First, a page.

18. In a moment of mental anguish, the Chief Engineer of the Independence breaks out in song, to the tune of "Camp Grenada" by Alan Sherman. -- Jenn Hello Captain… Anassasi. Greetings from Main… Engineering. The deck is clean now… thanks to Ensigns. And we might be able to start up the core soon. We had some losses… I'll admit it. Seven crewmen… all have bit it. You'll remember… Ensign Fields. Due to radiation he's fused to the shields. All my officers… hate the crewmen. And the crewmen… think the same. Without some phasers… there'd be fights here. I feel I'm becoming an ancient slave driver. But I don't want… this to scare you. Ensign Brice, he… has mechanophobia. We just glued him… to the lift door. You should find him when he comes up to your floor. Beam me out… oh Captain please just… Beam me out… I need some time off. Don't leave me in Engineering where I might step into a spatial tear. Beam me out… I promise not to break the ship, Or put Danny in sickbay with a broken hip. Oh please don't make me stay... I've been on duty for one whole day. Wait a minute, the core is running. Ensigns workin'… crewmen smilin'. Humming nicely, wow that's better. Oh, Captain, kindly disregard this letter.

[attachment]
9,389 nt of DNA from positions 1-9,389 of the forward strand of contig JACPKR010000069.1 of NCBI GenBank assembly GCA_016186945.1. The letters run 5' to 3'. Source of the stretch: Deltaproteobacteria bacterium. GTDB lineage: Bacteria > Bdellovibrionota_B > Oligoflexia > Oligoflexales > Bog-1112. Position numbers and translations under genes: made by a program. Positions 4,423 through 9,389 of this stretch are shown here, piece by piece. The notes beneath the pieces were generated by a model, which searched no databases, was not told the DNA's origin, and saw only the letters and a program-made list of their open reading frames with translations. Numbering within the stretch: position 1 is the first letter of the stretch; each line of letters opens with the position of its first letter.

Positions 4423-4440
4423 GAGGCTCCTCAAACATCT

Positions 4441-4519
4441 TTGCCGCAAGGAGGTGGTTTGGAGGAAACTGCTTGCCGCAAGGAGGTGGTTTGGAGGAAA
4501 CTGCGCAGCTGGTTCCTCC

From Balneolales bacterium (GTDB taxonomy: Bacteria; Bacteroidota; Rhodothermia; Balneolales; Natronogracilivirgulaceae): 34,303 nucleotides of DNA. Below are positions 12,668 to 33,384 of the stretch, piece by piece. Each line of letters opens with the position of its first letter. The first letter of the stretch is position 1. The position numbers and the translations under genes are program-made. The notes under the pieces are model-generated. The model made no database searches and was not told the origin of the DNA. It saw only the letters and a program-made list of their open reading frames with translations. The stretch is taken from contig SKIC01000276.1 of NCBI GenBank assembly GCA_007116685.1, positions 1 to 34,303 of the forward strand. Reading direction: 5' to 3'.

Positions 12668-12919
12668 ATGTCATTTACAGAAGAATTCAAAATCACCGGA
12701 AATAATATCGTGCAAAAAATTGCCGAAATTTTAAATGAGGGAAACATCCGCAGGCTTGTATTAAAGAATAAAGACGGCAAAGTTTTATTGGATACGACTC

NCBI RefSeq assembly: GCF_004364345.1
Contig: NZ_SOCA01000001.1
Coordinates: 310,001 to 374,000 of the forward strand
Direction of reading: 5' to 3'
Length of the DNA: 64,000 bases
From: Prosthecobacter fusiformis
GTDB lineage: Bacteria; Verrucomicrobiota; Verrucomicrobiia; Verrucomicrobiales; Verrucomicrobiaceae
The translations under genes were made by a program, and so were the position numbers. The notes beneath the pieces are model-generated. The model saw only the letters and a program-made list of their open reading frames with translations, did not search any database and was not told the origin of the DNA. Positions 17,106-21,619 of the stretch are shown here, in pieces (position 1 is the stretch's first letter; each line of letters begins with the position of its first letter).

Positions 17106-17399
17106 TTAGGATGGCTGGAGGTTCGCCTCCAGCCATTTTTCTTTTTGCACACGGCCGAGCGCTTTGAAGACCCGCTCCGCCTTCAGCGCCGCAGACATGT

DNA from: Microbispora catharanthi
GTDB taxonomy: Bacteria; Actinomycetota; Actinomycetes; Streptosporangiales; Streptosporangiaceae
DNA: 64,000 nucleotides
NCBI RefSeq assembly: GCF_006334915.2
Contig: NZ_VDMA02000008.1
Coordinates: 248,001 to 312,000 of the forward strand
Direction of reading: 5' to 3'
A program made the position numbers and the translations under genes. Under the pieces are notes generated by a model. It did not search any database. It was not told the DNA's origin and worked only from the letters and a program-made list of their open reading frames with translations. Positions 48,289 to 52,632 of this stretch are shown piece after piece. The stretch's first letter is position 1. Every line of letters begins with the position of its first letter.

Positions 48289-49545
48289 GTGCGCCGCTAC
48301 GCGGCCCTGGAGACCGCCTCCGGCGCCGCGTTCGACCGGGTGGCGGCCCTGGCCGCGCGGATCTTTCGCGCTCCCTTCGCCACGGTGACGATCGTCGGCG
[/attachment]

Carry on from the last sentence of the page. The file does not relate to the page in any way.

19. Greetings and various apropos felicitations, Writing Challenge enthusiasts, and welcome to this special August Challenge! Read this introduction carefully, as any entries that don't follow the guidelines will be disqualified. A collaboration between last month's winner Dave, aka Alleran Tan, and I had resulted in this special August theme: "A Moment In The Life Of..." Every entry must be under 1000 words for this round, which means that flash fiction and short-short stories would be ideal. However, I'd also like to open the Challenge up to some forms we haven't seen before. For example, how about some Trek-based freeform poetry, or a Trek cinquain? Perhaps you could dazzle the judges with a series of haiku? Whatever you choose to do, make sure your entry is 1000 words or less -- but be creative as well! This is a special round, so give it everything you have! To participate in this Challenge, please create a new thread. From the "Topic Prefix" selection list, choose "Jul/Aug" -- don't forget to do this, because without it your story won't be considered for this round! You may denote your story as a "Work in Progress," but please do so at the beginning of the story (not in the thread topic), and remember to finish it before the deadline, as any story noted as a work in progress will not be considered. The deadline for this challenge is August 22nd! That gives you exactly three weeks to get your entries in, so begin thinking now! All entries in this Challenge will be judged by a panel of UFoP judges, as usual, and you can expect a Challenge winner and entry feedback by the end of the month. The next Challenge (September & October) will be a more traditional two-month themed topic. Some standard rules and guidelines apply: *Your work must be completely original. *You must be the sole author of the work. *Your story must take place in the Star Trek universe, but may not center upon canon characters. *Sign your final draft as you would a post on your ship. *Remember, nothing over 1000 words! As of today, Wednesday, August 1st, this Challenge is open! The very last day to enter is Wednesday, August 22nd, so submit your entry soon! For any questions regarding our Challenge, remember that you can always visit the Writing Challenge website. Good luck!